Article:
John Hartley applies Douglas’ notion of dirt to both ‘television’ and its ‘audience’, referring to them as ‘dirty’ categories. This is because “television texts do not supply the analyst with a warrant for considering them either as unitary or as structurally bounded into an inside and outside” (Hartley 22). Similarly what sense an audience might make of television “depends… on the discursive resources available” some of which the audience will “identify” with and some of which will “marginalize”, “deny” or be “more obvious, well-worn and time-honoured than others” (Hartley 23). Hartley draws on the work of Hans Magnus Enzensberger and Edmund Leach (discussing the ‘dirtiness’ of television and individuals respectively) to conclude that “power is located in dirt” (Hartley 23) because dirt creates “ambiguous boundaries” between the media and its readers.

While film may be a more bounded, unitary medium (delineated at the very least by its running time) the “ambiguous boundaries” that dirt creates are something Lynch toys with in Blue Velvet. In a similar fashion to Hitchcock’s Rear Window (1954), the viewer is made complicit in the voyeuristic tendencies of his protagonist, Jeffrey Beaumont (Kyle MacLachlan). But Lynch goes a step further, turning the camera back on his voyeur in answer to a concern voiced by the nurse, Stella (Thelma Ritter), in that earlier film: “We’ve become a race of Peeping Toms. What people ought to do is look in for a change.” Lynch offers us Jeffrey as a potential source of identification but also makes us witness to Jeffrey’s own moral failings. In this way Jeffrey becomes as ambiguous as his sadomasochistic relationship with singer Dorothy Vallens (Isabella Rossellini), simultaneously abuser and abused, truth-teller and deceiver. As his girlfriend Sandy (Laura Dern) states: “I don’t know if you’re a detective or a pervert.”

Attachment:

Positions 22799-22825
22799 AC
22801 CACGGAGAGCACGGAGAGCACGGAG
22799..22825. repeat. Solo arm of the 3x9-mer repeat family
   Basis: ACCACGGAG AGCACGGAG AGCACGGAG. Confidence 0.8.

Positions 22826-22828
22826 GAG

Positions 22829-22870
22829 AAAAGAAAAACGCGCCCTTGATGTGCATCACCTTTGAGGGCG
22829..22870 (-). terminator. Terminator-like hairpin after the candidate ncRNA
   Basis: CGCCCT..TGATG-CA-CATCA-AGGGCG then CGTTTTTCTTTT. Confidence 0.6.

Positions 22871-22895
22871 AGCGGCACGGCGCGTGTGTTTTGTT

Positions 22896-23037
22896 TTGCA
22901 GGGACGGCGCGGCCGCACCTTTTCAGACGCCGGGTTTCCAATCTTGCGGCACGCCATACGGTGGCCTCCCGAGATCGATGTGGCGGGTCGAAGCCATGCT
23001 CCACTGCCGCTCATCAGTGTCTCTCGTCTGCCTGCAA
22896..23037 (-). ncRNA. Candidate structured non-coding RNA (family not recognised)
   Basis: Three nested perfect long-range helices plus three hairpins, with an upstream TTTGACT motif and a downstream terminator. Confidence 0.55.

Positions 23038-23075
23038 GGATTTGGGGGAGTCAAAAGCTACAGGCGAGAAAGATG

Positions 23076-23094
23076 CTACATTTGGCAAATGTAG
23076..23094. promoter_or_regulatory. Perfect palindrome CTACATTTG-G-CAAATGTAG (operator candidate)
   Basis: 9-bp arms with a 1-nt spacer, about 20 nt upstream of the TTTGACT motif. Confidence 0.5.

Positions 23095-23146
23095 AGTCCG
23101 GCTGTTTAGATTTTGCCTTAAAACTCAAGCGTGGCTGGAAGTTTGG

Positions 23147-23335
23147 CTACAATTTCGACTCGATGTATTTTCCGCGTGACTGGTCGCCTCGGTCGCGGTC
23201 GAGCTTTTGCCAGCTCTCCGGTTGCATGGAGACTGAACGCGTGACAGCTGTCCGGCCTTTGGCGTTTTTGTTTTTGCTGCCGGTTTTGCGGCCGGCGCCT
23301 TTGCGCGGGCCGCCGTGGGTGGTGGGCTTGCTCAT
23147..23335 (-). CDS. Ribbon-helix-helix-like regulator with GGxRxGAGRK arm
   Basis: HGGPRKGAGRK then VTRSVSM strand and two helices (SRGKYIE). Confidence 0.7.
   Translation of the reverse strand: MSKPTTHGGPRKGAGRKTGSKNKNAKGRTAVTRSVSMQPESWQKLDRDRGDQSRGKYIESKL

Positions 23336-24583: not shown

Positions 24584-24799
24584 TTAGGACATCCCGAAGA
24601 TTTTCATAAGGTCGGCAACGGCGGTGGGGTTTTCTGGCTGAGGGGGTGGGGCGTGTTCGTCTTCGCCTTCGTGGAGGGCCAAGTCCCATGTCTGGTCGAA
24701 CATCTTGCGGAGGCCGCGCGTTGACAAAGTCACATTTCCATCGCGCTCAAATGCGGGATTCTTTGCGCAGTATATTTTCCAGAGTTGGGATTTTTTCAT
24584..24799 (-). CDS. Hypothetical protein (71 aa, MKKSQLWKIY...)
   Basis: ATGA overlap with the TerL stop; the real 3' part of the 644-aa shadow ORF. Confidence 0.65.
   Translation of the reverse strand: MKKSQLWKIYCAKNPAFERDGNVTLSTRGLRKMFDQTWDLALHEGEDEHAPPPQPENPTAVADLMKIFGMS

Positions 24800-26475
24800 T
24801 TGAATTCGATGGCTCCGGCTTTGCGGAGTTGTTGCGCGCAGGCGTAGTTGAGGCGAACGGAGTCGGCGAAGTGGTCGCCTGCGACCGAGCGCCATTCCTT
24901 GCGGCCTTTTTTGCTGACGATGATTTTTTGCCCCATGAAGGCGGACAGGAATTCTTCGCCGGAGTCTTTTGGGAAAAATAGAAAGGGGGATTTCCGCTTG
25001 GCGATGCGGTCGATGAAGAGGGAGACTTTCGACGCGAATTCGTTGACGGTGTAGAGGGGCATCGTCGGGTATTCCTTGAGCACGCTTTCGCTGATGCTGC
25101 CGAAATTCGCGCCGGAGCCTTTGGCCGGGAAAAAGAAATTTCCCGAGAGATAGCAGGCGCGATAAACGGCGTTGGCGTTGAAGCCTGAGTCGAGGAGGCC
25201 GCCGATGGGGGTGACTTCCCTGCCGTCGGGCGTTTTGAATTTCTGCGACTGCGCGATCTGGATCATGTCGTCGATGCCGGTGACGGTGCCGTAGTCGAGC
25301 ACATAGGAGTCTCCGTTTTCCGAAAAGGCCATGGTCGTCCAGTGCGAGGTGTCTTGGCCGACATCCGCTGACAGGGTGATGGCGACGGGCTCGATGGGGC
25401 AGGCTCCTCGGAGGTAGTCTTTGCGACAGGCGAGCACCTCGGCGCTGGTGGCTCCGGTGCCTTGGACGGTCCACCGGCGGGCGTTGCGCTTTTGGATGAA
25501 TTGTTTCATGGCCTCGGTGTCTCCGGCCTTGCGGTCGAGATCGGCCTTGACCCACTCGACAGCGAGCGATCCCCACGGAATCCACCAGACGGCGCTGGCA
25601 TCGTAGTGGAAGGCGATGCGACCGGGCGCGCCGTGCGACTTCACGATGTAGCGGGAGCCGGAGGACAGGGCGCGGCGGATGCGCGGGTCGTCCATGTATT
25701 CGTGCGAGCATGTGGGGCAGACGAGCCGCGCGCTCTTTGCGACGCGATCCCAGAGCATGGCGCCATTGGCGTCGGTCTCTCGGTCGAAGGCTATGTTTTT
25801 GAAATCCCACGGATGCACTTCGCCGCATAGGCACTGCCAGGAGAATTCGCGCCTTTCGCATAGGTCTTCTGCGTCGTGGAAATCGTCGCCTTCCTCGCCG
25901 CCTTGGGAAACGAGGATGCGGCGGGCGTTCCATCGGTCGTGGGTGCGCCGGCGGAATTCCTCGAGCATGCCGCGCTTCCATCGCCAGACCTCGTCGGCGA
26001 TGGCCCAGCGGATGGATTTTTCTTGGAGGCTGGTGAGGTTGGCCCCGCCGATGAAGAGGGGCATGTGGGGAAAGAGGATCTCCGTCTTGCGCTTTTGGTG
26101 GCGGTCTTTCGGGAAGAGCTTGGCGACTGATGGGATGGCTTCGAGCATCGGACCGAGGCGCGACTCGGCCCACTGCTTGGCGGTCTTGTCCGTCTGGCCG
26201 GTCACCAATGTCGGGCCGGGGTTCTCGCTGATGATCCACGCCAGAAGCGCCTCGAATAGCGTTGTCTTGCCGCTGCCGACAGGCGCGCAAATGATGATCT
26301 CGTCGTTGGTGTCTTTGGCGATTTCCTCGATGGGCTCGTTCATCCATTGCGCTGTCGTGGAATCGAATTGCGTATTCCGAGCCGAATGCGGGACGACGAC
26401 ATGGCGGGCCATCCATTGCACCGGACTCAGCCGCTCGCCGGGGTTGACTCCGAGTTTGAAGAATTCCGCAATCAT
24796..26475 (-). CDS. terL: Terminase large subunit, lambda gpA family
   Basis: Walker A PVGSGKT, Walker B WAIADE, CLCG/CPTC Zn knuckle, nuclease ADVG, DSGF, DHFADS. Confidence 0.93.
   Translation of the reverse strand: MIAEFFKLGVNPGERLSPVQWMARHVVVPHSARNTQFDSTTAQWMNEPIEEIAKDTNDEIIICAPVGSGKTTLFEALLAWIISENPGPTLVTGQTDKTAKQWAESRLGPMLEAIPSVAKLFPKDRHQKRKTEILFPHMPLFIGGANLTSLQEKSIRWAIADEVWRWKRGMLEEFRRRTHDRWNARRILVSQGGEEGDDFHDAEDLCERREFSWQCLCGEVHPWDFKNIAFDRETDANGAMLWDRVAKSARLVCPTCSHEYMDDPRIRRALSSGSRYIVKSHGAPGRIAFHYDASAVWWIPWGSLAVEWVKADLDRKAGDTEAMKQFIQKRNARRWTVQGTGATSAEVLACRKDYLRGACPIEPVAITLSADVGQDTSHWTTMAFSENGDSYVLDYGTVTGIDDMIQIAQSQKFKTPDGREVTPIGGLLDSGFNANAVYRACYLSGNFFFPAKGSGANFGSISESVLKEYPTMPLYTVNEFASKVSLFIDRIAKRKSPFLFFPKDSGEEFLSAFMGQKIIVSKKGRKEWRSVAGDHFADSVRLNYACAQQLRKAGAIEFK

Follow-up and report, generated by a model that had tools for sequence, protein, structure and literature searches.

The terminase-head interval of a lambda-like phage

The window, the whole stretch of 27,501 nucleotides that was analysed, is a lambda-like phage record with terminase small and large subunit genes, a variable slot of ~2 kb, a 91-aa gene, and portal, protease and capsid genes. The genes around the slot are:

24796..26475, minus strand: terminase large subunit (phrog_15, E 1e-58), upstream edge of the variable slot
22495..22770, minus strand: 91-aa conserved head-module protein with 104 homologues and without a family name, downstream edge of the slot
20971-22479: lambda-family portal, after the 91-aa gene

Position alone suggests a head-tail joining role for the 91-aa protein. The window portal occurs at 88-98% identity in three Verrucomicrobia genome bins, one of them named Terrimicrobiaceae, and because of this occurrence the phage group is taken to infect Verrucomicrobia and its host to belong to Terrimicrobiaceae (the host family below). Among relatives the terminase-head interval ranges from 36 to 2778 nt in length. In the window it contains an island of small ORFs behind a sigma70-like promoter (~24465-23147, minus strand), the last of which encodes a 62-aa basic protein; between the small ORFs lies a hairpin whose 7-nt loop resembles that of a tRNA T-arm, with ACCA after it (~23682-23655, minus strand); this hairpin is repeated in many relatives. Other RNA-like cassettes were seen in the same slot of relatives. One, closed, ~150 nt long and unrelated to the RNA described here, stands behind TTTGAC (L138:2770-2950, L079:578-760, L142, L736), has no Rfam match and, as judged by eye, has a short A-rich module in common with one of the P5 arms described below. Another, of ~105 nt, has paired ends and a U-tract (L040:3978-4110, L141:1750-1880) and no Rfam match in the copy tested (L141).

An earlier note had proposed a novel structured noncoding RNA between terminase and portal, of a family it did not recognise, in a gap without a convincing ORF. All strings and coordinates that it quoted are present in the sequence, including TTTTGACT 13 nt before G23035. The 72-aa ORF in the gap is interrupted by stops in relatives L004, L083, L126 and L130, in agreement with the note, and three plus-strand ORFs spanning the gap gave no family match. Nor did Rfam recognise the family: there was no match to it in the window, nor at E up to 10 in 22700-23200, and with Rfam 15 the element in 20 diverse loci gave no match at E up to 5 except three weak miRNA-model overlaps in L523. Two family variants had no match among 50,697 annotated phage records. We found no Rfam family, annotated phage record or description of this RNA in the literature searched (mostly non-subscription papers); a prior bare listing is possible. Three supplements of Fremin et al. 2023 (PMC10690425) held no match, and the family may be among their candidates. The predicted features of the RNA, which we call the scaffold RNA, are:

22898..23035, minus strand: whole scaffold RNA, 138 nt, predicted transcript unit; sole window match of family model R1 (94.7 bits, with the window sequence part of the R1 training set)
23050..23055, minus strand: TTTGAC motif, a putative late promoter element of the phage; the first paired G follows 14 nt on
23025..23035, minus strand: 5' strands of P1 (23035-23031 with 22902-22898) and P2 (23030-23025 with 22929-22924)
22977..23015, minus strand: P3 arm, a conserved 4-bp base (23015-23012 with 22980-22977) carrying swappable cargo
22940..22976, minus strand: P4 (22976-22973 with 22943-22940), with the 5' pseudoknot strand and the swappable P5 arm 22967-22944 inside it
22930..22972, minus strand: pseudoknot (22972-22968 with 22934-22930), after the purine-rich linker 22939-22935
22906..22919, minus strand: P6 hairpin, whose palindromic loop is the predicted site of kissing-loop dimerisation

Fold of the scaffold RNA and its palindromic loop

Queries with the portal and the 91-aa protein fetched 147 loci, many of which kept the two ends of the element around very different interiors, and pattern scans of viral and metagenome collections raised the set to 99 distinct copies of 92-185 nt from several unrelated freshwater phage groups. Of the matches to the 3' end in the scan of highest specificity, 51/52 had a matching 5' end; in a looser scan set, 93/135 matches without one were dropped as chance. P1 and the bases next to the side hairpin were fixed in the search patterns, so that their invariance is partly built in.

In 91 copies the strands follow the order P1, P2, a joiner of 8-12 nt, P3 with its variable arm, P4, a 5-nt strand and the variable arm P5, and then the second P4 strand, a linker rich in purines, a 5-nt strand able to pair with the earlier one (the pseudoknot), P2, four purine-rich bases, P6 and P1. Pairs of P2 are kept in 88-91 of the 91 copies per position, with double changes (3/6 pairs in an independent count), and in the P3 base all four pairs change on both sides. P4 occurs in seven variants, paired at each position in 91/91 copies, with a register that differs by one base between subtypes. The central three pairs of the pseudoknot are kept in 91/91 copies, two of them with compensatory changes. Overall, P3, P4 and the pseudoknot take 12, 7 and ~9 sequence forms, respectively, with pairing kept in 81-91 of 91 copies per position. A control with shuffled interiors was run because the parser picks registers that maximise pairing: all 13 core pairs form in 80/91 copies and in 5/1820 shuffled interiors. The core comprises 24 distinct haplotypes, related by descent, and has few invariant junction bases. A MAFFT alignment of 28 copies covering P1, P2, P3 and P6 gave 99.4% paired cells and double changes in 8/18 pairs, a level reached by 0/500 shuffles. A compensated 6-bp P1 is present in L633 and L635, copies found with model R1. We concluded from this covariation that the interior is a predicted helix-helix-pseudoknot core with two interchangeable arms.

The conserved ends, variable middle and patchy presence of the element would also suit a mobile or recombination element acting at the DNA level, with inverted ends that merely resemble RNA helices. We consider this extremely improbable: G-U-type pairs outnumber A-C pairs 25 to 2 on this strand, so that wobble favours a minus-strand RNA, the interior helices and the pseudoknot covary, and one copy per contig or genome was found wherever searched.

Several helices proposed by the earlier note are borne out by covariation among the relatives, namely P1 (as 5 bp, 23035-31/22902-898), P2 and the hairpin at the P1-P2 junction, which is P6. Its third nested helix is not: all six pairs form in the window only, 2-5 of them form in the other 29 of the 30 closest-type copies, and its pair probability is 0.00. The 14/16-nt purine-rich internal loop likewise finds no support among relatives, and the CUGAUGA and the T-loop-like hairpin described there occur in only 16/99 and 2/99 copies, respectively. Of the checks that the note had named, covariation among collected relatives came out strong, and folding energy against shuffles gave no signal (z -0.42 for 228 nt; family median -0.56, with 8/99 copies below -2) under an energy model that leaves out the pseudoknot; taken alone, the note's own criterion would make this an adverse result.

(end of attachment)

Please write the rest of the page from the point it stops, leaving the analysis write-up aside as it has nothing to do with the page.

Here, the ambiguity offered by dirt results in the examination – the making visible – of both the voyeur and the audience as (complicit) voyeurs. Both are called into question – “detective or pervert?” – continually blurring the boundaries between subject and object, viewer and participant. By movie’s end Jeffrey can return to Sandy and the alluring veneer of suburbia, but he has murdered, molested and (impliedly) been raped. Dirt sticks. Jeffrey is forever changed and so is our perception of the suburban.

If Lynch’s Blue Velvet revealed the rich vein of dirt running through suburbia, then perhaps it is Todd Solondz who has mined it most extensively. While Lynch was to return to suburbia in his television series Twin Peaks his attention has frequently turned to other more extreme and experimental ideas. In contrast Solondz has focussed almost exclusively on the suburban in four of his projects: Welcome to the Dollhouse (1995), Happiness (1998), Storytelling (2001) and Palindromes (2004).

It is Happiness that provides the clearest sense of the “imagined community” of suburbia because its multiple storylines suggest multiple lives being conducted simultaneously. Like Blue Velvet it presents a veneer of suburban life which it then goes on to soil, particularly through the Maplewood family (whose story provides the climax for the film). In the first shot of the Maplewood’s home a cleaner is seen at the rear of the shot scrubbing the floor; dirt is presented as a threat to order and Trish Maplewood (Cynthia Stevenson) refers to “having it all”. By the film’s end the focus will have shifted to masturbation, homicide, dismemberment, various perverse sexual acts and the revelation that her husband is a paedophile. Uniting these disparate streams are the searches for happiness each of the nine central characters undertakes, with only character, the boy Billy Maplewood (Rufus Reed), achieving his happiness, through a successful ejaculation that provides the denouement of the film.